Thursday, August 21, 2008

Me, The Missing, and The Dead

Just as Lucas's feelings about his missing dad are coming to a head, he discovers an urn being stored at a mini-cab office. Lucas endeavors to help Violet Park (the cremated remains) find a better resting place and through a bunch of coincidences and discoveries begins to feel that perhaps Violet was seeking him out from beyond the grave. Lucas starts researching Violet's life and is startled to realize that Violet may be the key to his dad's disappearance. As he gets closer to understanding why his father may have chosen to leave, Lucas must face the fall-out that his dad's abandonment has caused with his depressed mother, wild and angry sister, crushed grandparents, and guilt-ridden family friend, as well as how he (Lucas) has come to idolize a man who probably didn't deserve it.

Even summarizing this book makes me conflicted. Parts of it were fantastic contemporary fiction about a young man's self-discovery, parts of it could have been interesting paranormal fantasy. I think the strongest writing involved the former, the latter started to feel like a bit of a crutch to get to the meat of the story. However, this one did make me think. I'm giving it a high Maybe.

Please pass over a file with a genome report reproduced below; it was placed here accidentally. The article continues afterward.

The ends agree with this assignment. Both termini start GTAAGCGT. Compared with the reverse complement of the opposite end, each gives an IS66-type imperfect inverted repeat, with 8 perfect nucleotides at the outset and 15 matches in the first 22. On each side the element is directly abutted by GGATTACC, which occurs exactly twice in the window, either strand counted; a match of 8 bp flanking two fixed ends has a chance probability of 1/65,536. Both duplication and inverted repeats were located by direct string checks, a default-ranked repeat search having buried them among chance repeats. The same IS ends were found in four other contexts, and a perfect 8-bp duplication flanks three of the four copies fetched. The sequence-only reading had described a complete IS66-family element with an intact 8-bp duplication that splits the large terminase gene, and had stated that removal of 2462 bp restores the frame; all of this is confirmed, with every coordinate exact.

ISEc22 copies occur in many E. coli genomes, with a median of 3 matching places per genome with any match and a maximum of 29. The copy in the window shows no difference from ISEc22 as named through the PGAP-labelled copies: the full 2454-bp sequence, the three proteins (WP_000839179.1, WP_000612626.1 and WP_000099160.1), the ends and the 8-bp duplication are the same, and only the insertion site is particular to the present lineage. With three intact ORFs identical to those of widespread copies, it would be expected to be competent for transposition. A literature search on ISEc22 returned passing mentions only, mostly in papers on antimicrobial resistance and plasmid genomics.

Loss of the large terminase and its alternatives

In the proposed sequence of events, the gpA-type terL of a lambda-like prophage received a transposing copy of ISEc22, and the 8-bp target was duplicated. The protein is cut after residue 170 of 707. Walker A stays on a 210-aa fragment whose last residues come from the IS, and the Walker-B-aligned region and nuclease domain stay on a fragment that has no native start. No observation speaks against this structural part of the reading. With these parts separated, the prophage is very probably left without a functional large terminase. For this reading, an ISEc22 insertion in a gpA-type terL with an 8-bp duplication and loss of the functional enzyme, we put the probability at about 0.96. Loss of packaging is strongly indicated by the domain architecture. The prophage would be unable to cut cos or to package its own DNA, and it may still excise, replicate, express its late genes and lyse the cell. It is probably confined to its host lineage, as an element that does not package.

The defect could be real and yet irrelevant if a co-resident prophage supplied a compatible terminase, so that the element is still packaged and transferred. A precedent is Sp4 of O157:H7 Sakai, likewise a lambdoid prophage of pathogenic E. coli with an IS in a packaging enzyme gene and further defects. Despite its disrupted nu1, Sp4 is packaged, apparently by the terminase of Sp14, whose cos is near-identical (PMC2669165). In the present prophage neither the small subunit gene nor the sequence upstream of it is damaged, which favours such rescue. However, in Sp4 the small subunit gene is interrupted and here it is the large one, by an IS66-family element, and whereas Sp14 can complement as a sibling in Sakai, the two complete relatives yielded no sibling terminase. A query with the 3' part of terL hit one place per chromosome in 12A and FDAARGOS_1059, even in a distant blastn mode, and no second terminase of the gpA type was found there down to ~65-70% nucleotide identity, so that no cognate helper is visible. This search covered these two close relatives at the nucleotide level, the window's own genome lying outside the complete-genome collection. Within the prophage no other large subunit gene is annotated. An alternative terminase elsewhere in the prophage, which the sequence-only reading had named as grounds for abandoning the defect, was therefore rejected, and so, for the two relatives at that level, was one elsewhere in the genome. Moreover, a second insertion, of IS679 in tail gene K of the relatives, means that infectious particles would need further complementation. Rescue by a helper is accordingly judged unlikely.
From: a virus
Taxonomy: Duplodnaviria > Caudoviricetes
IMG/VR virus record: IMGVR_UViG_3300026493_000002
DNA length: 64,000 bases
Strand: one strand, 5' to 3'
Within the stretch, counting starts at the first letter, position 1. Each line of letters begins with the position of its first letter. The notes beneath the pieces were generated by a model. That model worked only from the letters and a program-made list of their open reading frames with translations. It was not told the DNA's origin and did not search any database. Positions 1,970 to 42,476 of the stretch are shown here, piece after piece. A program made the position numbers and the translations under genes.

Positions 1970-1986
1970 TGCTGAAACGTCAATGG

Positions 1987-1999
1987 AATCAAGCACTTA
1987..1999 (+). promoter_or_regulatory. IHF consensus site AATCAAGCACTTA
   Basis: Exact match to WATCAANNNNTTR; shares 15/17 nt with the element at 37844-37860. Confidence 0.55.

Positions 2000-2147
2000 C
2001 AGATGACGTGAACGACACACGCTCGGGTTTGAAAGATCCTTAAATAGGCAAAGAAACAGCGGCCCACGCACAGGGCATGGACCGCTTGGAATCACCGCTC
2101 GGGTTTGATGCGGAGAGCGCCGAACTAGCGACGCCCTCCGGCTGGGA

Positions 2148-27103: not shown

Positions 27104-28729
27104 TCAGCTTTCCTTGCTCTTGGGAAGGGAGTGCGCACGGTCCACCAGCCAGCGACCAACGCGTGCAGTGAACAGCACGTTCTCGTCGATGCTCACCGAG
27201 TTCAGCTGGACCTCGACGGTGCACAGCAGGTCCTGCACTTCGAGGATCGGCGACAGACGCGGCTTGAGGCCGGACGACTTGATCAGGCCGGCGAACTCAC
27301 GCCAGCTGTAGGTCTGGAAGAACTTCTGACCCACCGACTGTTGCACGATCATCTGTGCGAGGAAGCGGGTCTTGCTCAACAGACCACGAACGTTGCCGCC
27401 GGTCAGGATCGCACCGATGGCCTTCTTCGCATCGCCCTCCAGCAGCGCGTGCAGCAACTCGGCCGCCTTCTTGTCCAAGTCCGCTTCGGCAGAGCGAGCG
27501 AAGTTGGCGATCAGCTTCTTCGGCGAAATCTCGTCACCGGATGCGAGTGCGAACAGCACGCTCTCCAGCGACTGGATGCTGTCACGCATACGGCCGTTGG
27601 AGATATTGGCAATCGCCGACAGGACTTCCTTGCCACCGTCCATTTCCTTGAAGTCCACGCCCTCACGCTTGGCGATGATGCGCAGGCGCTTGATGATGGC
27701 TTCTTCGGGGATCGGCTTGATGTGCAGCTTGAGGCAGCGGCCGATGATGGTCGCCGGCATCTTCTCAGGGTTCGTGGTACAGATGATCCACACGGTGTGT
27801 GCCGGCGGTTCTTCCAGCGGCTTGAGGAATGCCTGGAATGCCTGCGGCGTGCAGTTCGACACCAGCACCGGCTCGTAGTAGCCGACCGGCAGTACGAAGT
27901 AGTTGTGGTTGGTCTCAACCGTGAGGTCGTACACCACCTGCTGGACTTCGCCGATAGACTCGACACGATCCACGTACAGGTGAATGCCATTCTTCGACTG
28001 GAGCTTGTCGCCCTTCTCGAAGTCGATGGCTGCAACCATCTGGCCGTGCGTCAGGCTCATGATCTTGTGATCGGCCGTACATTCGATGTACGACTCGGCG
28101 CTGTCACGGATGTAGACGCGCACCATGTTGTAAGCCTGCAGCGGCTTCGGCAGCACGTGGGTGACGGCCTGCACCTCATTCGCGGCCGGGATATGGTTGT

Iris said...

I found this to be a provocative book and I finished it practically in one sitting. The mystery keeps the reader guessing, but the focus on the lives of the narrator's parents gives the story its true meat. Who wouldn't want to pry in to Mom's diary and see what she's really thinking, even if it seeing something you would never want to know? (this reminds me period in my teens I spent reading my Dad's diaries, which for the most part were quite dull) The book is British, but not too foreign to make it difficult for American readers.


kevinyezbick said...

This one was a reverse sandwich for me - with the meat at the beginning and end, the low carb bread in the middle. I found it's casual approach to drug use and drinking interesting - and the entire plot strong in it's originality. Whether or not it's award winning material though is difficult for me to decide. I have to say I'm on the maybe end of things as well - but leaning towards the lower end of the scale.

Pat said...

Slow start and improbable plotline, but it had a quirkiness about it. A bit heavy with the British references but overall a quick read. I'm giving it a MAYBE